[Link] By Robert BirselThat last bit - though many may argue that it's disingenous - seems to me an obvious reason for not condemning all religion, outright, all the time. That lest sentence shows that it is not religiously impossible for muslims in particular to use reason whilst being true to their doctrines.
KABUL (Reuters) - Afghan police fired at a crowd trying to storm a U.S. military base on Wednesday, killing three and wounding 20 in fresh protests over cartoons depicting Prophet Mohammad that have unleashed rage across the Muslim world.
The latest deaths in the town of Qalat, in southern Zabul province, brought the total number of Afghans who have been killed this week during protests to 10.
Afghanistan's top religious council called for an end to the protests saying people would use the disturbances for purposes of sabotage.
That last piece is why I have hope that our species will get through the near-term technological phase of our existence and provide future generations a chance to be.
Now, that's not to discount the probability of us becoming Homo Sapiens Extinctus thanks to this guy's mindset,
[Link] Like many across the Muslim world, 35-year-old construction engineer Mohammad Amin in Kabul said he could not understand why newspapers were still printing the cartoons, when they knew how inflammatory they were.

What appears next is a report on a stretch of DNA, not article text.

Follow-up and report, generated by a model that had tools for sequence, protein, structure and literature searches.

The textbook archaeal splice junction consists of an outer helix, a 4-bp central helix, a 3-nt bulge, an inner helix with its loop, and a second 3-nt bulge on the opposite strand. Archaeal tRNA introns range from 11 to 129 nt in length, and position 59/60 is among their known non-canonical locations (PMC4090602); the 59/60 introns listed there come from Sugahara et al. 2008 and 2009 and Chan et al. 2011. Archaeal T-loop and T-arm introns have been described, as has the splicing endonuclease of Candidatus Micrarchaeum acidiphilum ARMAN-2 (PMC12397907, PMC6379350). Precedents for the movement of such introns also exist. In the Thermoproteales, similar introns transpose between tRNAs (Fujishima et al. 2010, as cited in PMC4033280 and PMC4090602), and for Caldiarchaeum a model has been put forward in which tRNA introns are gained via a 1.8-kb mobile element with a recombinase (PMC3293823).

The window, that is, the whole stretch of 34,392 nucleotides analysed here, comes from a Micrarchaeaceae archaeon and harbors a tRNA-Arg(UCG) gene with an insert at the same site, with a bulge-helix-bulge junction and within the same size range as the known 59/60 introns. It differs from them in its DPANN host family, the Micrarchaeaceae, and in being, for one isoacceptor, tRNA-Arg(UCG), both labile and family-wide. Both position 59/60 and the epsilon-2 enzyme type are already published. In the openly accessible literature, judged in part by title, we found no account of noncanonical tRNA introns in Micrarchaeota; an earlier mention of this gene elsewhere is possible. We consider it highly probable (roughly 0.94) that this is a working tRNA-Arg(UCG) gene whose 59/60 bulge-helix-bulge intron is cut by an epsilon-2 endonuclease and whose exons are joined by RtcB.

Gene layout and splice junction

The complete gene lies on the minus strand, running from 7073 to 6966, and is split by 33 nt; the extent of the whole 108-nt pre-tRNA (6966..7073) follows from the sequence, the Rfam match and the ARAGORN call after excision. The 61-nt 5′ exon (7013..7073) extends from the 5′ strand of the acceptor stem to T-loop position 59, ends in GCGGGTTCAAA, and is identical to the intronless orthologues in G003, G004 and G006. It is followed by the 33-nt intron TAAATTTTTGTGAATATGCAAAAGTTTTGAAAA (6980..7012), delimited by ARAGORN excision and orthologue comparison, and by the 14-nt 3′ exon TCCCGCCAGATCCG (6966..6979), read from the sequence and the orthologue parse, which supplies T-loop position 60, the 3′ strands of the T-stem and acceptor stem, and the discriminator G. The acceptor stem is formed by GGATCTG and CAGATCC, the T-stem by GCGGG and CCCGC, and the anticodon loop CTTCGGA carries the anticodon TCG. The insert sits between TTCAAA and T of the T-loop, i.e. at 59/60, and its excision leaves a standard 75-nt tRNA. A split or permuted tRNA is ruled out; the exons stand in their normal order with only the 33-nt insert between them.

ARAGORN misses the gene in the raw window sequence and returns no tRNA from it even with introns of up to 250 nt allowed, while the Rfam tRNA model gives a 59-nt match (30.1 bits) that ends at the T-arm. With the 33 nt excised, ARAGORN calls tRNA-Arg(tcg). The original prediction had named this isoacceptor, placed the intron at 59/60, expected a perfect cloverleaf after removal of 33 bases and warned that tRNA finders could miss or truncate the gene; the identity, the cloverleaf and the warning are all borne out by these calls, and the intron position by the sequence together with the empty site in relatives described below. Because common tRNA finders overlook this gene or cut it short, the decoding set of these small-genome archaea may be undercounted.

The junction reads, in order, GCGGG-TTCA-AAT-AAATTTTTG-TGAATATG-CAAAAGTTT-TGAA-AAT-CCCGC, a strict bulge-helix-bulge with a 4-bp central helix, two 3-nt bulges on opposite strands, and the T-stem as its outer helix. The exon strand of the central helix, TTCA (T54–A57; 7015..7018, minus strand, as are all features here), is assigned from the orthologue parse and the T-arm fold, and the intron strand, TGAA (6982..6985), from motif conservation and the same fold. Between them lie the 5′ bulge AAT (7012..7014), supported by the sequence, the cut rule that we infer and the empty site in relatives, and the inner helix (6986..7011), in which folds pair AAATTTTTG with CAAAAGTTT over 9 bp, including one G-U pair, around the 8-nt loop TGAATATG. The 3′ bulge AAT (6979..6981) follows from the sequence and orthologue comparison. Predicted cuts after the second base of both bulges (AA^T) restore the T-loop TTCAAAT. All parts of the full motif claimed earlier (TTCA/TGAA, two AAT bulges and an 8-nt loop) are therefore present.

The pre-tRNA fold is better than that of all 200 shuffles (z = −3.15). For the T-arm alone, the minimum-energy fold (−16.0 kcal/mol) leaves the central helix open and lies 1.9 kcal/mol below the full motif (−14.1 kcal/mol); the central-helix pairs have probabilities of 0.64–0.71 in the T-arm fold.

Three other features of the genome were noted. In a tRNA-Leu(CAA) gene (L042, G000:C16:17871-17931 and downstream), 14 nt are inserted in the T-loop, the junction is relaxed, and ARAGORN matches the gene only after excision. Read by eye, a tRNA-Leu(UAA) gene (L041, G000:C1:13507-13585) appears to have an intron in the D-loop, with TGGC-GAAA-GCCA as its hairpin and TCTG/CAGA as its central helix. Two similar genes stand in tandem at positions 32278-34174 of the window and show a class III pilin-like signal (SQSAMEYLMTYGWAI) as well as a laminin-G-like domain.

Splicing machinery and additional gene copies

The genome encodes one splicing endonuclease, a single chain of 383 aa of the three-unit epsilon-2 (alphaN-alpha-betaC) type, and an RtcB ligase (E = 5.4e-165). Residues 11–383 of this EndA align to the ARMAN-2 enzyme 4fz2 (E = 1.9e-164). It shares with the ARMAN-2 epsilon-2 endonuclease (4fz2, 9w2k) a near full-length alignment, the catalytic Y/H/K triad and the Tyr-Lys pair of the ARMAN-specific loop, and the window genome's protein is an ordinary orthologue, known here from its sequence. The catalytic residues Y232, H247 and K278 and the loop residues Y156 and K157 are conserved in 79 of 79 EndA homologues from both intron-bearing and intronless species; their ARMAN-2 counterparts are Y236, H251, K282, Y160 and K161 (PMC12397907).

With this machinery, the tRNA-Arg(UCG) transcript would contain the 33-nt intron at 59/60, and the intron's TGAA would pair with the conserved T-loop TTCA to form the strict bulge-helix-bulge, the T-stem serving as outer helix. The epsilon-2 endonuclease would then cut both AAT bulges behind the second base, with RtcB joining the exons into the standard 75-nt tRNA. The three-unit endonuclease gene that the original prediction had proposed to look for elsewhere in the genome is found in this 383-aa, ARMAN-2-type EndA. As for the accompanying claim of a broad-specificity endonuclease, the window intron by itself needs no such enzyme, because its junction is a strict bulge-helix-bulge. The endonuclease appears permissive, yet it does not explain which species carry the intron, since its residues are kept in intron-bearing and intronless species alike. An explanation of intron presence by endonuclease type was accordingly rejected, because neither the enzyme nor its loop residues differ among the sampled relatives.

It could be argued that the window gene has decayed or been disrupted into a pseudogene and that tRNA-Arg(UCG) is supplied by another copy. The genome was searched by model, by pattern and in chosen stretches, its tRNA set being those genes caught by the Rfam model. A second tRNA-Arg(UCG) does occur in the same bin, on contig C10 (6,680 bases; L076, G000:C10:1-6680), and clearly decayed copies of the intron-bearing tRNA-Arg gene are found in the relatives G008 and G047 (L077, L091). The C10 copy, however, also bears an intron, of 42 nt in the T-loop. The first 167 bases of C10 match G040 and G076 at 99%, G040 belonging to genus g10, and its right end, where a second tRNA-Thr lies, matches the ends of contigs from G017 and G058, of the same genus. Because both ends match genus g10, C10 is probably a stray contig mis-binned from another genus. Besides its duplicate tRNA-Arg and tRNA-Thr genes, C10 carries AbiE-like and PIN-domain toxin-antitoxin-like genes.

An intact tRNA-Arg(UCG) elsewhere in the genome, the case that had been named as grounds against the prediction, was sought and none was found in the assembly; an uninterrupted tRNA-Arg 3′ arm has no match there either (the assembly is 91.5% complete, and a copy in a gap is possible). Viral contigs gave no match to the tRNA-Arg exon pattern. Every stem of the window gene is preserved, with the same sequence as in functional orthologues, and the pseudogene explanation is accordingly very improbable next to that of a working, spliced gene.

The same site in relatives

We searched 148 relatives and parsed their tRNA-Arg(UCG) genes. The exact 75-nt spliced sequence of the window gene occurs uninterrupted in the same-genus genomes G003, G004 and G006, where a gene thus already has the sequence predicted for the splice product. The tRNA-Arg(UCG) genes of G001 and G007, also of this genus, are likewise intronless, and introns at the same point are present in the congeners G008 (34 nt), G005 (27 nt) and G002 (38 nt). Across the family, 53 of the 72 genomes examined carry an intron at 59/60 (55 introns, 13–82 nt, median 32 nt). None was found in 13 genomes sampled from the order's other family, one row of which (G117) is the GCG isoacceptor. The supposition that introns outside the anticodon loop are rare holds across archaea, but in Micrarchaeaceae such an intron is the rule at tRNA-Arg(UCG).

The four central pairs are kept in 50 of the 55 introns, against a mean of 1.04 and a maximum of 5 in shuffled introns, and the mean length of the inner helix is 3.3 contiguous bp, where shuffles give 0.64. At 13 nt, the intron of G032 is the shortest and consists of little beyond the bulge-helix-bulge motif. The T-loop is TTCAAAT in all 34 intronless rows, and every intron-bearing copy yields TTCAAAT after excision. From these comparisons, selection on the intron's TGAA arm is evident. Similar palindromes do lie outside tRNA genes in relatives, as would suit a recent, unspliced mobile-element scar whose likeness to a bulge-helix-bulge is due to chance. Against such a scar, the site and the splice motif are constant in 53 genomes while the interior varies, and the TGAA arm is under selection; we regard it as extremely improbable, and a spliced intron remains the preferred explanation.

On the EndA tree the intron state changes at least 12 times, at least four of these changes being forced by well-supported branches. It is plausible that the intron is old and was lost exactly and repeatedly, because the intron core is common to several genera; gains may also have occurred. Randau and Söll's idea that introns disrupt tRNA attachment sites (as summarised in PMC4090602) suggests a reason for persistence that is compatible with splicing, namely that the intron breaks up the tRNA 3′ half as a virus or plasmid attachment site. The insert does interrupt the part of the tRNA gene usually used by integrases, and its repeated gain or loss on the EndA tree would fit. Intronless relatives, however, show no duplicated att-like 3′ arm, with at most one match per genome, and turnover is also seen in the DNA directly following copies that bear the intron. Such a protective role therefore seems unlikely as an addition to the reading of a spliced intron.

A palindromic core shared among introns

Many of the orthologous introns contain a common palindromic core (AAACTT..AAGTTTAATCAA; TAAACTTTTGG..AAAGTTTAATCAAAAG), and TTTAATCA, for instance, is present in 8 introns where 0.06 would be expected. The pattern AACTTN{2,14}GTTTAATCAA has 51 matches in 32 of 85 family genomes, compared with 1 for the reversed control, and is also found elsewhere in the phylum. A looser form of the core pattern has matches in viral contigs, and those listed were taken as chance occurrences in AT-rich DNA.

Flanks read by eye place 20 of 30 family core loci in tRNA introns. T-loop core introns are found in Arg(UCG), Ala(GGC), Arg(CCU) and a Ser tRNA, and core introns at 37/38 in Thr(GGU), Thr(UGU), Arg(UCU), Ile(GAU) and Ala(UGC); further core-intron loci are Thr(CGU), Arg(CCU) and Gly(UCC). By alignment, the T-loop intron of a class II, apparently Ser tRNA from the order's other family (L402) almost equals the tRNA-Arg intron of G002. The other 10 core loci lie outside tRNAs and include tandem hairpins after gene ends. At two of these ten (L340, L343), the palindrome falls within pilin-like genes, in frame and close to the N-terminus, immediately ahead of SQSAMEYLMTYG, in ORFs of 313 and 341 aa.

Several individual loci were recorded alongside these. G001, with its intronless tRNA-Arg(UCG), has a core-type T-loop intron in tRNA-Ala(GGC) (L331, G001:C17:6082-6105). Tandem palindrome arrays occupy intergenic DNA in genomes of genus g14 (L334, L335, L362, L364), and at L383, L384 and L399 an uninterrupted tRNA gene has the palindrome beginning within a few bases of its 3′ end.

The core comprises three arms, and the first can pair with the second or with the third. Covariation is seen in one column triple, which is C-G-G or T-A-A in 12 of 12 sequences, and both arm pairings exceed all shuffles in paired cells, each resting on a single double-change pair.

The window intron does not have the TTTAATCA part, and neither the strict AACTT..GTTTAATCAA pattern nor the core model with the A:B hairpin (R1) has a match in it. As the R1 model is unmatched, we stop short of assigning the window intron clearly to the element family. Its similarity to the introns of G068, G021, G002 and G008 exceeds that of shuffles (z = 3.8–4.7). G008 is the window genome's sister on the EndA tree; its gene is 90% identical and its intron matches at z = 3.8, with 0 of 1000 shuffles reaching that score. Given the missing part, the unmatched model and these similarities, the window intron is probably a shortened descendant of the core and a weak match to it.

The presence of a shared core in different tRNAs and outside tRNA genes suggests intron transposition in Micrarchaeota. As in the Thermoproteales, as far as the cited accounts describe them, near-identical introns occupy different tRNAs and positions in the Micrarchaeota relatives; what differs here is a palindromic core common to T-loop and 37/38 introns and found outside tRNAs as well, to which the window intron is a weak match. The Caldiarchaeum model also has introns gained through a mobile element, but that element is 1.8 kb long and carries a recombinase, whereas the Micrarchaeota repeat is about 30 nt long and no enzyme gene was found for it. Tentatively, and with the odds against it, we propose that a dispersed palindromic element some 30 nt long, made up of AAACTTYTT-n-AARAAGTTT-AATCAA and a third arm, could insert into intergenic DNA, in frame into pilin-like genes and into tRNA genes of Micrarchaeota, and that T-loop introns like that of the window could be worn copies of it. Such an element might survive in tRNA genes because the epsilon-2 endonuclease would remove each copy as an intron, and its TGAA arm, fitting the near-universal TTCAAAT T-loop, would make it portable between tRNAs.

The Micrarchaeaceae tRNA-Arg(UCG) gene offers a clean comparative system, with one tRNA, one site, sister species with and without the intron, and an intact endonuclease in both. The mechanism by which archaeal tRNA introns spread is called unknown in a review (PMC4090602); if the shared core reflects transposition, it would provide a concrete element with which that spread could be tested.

"Aren't they deliberately promoting violence, religious hatred and a clash of civilisations? If not, why do they print them again and again?"
"Let's not fool ourselves and the world with this slogan of 'freedom of speech'," he said.
To answer his 3 pronged question of deliberate intent:
The answer to the question of violence is what makes "freedom of speech" so much more than just a slogan. It is what makes it even possible to debate the second two questions. Unless each of us puts aside the notion that violence is an acceptable response to rhetoric, even of the most slanderous variety, the probability of our species destroying itself and our planet will remain higher than any threat we face from the natural world. And I am quite aware of what the probabilities of some of those threats materializing are.
The Editor of the Philadelphia Inquirer, Amanda Bennett, offers her own view of Free Speech and the responsibilty it enjoys.
[Link] When it became clear that the caricatures were becoming "more, not less, newsworthy," Ms. Bennett said, the editors decided to publish the cartoon on Saturday so that readers would be better informed about the controversy.
"There's been a whole history of newspapers publishing things that people would find controversial and offensive," Ms. Bennett said. "My view is that we need to publish it for a good news reason, we need to publish in context and we need to explain to readers why we did it."
We are History. Since we are most empirically, though haphazardly, deciding the future of our species now, closing our eyes to our own activities and responsibilities is catastrophically ill-advised.
Happy Hump Day!